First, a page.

Cruel Intentions review

It's a little late in the day, but Hollywood's teen machine seems to have woken up to the fact that there really is no substitute for a good story. And like, there's loads of them out there already, man. Just ask writer-director Roger Kumble, who'€™s exhumed Choderlos De Laclos'€™ thrice-filmed 18th-century erotic novel, Les Liaisons Dangereuses. As ideas go, this one’s pretty neat.

Updated and transplanted to Manhattan'€™s Upper East Side, Laclos'€™ devious tale's complete with all its blackmail and double-crosses€" makes for a cute parallel with the daily pattern of teenage life. For while Sebastian and Kathryn are richer and more beautiful than most school kids, they're not crueller. Sadly though, Kumble's neat idea is sunk by sloppy execution. One example: the plot so slavishly follows the source that these characters must be the only teenagers in America to still hand-write letters to each other. Indeed, apart from window dressing and the obligatory MTV soundtrack, Cruel Intentions could be anywhere, anytime.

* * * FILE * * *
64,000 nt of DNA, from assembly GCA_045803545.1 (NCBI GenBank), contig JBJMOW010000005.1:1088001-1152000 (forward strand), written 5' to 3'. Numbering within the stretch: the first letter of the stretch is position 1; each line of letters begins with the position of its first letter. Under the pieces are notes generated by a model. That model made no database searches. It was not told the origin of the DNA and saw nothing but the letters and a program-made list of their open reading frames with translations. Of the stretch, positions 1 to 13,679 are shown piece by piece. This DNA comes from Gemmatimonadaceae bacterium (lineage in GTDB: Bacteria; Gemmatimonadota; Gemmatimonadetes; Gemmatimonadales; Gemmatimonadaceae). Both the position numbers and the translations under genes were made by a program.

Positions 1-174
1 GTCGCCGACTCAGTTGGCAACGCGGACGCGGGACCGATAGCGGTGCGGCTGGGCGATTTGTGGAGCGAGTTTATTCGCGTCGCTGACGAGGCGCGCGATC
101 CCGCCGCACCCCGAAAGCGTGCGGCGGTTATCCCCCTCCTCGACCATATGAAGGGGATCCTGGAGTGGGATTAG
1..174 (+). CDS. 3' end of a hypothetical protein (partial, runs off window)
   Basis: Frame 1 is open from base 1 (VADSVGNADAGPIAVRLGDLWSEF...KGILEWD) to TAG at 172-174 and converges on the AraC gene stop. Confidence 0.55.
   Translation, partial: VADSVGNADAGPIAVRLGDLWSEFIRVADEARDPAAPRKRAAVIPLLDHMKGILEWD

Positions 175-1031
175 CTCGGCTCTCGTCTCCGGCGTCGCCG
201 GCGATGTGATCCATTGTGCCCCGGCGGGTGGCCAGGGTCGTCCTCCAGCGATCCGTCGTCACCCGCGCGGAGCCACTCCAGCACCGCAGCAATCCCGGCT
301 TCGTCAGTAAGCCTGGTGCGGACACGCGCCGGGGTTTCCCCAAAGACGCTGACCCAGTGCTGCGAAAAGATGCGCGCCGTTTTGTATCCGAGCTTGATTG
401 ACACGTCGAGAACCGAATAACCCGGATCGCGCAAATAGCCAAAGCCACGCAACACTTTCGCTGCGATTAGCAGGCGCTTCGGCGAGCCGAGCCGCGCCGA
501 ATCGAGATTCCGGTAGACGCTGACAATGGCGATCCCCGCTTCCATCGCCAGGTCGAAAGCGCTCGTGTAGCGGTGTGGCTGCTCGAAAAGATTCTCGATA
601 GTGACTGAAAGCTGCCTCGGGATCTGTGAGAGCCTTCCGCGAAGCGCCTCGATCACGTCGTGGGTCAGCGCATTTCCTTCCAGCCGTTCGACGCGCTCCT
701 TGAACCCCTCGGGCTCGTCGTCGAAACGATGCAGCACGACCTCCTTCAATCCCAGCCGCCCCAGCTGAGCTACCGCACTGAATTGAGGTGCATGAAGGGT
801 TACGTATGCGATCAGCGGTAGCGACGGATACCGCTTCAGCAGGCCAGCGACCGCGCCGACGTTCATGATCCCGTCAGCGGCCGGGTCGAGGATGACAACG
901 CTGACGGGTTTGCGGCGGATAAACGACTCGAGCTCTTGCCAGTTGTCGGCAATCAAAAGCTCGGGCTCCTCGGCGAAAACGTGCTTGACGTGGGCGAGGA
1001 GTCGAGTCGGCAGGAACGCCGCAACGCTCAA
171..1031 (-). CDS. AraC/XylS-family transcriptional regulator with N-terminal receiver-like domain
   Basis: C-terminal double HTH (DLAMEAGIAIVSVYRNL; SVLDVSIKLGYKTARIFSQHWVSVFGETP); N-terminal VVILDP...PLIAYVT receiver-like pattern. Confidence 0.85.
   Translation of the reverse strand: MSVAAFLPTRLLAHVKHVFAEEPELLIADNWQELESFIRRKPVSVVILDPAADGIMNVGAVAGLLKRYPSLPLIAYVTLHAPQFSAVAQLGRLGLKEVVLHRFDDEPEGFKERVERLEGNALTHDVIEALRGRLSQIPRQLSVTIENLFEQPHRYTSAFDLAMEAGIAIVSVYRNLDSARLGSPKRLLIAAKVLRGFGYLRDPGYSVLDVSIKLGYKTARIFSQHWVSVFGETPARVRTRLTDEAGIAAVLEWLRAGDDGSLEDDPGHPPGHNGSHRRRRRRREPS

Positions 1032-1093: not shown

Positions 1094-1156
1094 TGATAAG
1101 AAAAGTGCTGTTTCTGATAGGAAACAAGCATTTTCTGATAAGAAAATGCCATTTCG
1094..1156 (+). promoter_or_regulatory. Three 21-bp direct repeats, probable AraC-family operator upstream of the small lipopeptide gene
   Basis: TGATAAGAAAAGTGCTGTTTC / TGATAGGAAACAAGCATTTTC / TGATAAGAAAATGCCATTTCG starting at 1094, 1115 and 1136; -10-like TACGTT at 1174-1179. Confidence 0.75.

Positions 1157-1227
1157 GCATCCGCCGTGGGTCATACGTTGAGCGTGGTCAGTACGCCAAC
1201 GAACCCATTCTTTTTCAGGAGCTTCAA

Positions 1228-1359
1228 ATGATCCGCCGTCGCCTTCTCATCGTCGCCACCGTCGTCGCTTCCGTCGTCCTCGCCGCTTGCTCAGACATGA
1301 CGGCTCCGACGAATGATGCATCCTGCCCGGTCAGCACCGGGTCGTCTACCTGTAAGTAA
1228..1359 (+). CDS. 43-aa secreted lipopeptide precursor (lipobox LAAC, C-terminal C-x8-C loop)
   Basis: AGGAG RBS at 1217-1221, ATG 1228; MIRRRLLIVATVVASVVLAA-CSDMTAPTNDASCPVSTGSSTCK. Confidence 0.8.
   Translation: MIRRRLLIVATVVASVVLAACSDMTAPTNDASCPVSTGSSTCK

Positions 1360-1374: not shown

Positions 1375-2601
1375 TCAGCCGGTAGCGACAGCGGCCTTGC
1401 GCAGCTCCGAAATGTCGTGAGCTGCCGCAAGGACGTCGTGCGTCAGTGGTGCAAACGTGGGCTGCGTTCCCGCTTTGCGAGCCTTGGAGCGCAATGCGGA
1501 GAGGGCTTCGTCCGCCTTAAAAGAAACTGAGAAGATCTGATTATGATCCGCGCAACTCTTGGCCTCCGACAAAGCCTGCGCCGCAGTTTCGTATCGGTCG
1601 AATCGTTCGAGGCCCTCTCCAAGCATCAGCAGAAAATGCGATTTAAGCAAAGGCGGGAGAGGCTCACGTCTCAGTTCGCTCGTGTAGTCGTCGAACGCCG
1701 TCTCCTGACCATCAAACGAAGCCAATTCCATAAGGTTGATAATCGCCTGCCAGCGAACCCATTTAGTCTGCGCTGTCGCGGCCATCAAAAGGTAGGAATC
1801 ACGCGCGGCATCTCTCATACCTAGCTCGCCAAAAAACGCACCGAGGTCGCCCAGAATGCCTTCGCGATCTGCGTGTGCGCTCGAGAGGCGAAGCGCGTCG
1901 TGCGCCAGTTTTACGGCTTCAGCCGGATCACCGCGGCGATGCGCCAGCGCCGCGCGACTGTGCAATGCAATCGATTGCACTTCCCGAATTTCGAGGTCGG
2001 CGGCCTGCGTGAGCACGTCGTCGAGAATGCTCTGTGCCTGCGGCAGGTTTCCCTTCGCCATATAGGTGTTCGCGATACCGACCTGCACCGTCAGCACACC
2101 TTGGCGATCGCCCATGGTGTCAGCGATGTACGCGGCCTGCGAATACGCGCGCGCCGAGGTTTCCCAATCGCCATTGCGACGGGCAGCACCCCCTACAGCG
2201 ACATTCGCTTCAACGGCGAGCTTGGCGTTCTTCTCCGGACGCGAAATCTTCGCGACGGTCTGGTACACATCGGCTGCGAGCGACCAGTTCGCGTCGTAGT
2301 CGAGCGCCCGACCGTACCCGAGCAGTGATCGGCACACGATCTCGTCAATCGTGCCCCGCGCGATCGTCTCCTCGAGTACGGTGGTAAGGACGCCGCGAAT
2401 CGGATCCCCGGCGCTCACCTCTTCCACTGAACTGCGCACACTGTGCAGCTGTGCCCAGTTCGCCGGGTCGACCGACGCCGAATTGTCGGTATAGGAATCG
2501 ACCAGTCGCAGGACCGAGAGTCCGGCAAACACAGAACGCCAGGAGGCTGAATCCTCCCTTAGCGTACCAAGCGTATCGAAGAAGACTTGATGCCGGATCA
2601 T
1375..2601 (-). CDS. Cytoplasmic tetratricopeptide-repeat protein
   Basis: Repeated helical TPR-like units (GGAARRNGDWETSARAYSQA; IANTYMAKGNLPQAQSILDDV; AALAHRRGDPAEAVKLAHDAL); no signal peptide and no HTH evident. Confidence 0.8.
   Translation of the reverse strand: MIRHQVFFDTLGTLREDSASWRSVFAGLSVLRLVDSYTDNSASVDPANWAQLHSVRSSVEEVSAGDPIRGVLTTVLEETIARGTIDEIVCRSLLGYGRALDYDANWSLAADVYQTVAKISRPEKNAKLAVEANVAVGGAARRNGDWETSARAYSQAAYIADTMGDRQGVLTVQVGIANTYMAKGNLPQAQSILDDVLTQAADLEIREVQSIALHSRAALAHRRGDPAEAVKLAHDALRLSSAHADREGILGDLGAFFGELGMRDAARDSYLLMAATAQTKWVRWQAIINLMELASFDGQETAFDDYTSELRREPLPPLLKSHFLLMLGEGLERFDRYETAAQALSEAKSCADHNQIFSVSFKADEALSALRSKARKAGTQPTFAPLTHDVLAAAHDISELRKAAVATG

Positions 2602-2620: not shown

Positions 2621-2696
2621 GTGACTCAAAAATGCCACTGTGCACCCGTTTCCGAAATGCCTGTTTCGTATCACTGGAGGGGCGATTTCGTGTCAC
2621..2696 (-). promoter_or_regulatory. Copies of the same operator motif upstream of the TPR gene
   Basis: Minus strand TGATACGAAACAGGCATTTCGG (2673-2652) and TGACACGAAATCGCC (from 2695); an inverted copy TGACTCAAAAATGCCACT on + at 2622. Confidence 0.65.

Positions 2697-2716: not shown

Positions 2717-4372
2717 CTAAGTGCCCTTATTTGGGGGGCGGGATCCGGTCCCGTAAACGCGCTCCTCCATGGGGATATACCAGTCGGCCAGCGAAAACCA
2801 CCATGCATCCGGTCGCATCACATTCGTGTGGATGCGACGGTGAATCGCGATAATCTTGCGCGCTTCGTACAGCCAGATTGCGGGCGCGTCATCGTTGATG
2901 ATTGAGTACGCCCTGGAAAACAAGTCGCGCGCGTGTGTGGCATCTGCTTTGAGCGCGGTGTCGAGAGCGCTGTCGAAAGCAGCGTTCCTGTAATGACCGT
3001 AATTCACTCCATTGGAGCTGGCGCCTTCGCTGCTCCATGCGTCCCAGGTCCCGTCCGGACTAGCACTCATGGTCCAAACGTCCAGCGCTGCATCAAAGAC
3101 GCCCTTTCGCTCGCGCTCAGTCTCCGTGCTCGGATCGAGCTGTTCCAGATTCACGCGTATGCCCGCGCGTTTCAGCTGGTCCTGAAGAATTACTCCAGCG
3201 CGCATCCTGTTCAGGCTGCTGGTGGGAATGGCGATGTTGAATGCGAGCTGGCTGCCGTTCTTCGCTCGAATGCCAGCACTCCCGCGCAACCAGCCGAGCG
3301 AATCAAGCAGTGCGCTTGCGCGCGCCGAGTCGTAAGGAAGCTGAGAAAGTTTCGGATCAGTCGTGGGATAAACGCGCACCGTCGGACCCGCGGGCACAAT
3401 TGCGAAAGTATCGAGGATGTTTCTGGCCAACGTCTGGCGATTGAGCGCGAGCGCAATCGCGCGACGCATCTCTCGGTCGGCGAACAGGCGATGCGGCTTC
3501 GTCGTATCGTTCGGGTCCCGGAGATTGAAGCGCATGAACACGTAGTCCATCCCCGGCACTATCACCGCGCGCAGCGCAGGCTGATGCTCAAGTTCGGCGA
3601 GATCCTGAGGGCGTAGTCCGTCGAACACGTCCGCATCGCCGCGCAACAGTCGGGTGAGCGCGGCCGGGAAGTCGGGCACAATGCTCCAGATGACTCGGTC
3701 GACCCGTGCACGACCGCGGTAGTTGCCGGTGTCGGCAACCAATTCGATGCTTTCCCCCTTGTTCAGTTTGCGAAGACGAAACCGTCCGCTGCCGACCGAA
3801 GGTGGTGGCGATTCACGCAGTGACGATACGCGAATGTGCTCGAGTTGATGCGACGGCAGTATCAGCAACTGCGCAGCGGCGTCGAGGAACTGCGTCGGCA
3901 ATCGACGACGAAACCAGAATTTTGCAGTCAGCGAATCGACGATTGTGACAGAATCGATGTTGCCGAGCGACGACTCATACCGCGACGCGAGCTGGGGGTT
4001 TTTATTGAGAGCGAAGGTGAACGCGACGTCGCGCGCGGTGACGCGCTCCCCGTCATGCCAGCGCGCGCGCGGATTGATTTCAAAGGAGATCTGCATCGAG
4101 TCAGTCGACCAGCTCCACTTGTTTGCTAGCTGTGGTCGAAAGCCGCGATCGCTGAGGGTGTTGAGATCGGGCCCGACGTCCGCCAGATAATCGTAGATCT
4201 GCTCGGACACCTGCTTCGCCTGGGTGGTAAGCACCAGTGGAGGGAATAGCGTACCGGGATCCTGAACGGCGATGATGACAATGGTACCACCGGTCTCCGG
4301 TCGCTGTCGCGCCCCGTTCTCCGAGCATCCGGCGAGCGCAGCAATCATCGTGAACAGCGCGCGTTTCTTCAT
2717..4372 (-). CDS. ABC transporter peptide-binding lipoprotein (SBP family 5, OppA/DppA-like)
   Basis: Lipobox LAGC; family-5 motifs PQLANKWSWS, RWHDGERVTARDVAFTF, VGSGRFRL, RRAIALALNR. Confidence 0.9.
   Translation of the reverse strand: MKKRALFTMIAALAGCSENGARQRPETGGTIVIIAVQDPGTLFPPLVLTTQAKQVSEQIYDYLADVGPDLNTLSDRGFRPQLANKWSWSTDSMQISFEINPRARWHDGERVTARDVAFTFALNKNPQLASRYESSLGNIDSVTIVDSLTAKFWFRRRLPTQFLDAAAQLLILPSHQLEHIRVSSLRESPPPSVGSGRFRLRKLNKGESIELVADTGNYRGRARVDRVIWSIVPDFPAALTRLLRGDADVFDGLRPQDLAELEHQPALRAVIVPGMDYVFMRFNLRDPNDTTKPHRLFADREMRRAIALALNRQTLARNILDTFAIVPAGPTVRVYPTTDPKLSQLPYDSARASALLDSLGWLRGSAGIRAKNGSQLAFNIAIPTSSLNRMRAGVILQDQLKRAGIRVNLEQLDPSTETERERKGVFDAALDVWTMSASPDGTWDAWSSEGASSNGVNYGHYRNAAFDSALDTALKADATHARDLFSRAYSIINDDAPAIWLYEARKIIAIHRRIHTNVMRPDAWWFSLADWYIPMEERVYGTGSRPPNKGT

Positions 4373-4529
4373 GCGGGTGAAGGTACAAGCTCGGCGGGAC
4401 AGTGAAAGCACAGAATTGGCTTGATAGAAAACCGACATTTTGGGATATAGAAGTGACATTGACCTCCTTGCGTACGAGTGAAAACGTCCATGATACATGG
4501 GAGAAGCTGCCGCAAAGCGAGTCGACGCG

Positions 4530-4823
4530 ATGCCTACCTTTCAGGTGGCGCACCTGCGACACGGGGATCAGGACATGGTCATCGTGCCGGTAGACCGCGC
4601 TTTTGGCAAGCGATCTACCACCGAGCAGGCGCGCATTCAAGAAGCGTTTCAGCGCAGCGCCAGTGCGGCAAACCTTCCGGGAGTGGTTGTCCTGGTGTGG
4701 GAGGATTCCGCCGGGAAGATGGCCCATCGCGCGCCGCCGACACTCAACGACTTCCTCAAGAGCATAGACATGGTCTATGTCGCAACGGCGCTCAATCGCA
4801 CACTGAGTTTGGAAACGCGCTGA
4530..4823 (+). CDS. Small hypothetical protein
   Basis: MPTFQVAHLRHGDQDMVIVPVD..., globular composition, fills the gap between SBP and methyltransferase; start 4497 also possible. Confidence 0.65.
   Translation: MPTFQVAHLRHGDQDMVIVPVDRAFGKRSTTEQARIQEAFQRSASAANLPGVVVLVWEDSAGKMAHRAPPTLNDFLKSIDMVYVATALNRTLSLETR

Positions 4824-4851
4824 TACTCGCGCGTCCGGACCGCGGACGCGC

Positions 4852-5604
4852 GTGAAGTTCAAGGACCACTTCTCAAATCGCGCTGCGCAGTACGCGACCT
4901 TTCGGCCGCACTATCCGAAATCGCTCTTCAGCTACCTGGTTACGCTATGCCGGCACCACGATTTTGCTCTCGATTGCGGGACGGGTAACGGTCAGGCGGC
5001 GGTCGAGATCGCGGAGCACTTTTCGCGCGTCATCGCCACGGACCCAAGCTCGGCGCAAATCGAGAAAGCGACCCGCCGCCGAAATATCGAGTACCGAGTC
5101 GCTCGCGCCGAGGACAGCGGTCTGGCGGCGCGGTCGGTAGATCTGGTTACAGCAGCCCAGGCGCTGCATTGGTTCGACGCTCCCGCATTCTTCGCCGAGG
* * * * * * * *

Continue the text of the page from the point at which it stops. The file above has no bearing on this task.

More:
So keen is Kumble to utilise the same mansion and penthouse backdrops of the original, that he’s set the movie during the school holidays. Quite apart from the fact that a snooty high school would have made for a brilliant setting, without hallways there is no society. And without society there are no common values. And without common values, there’s no sin. (See where this is going?)

As for the latter-day lotharios, the two leads spark occasionally, but never convince you that these pretty teens are sexually jaded. It doesn't help that Gellar has obviously signed the €œno-nipple clause€ so favoured by clean-cut TV stars. In fact, it'€™s Witherspoon's eternal virgin who appears the most credible character€" and let's face it, that ain'€™t gonna wash with the kids.

A fluffed opportunity. What could've been refreshing and cynical ends up being coy, tame and thoroughly stage-bound. Teens wishing to learn about sexual mores would do better watching Stephen Frears definitive take on the novel, Dangerous Liaisons.

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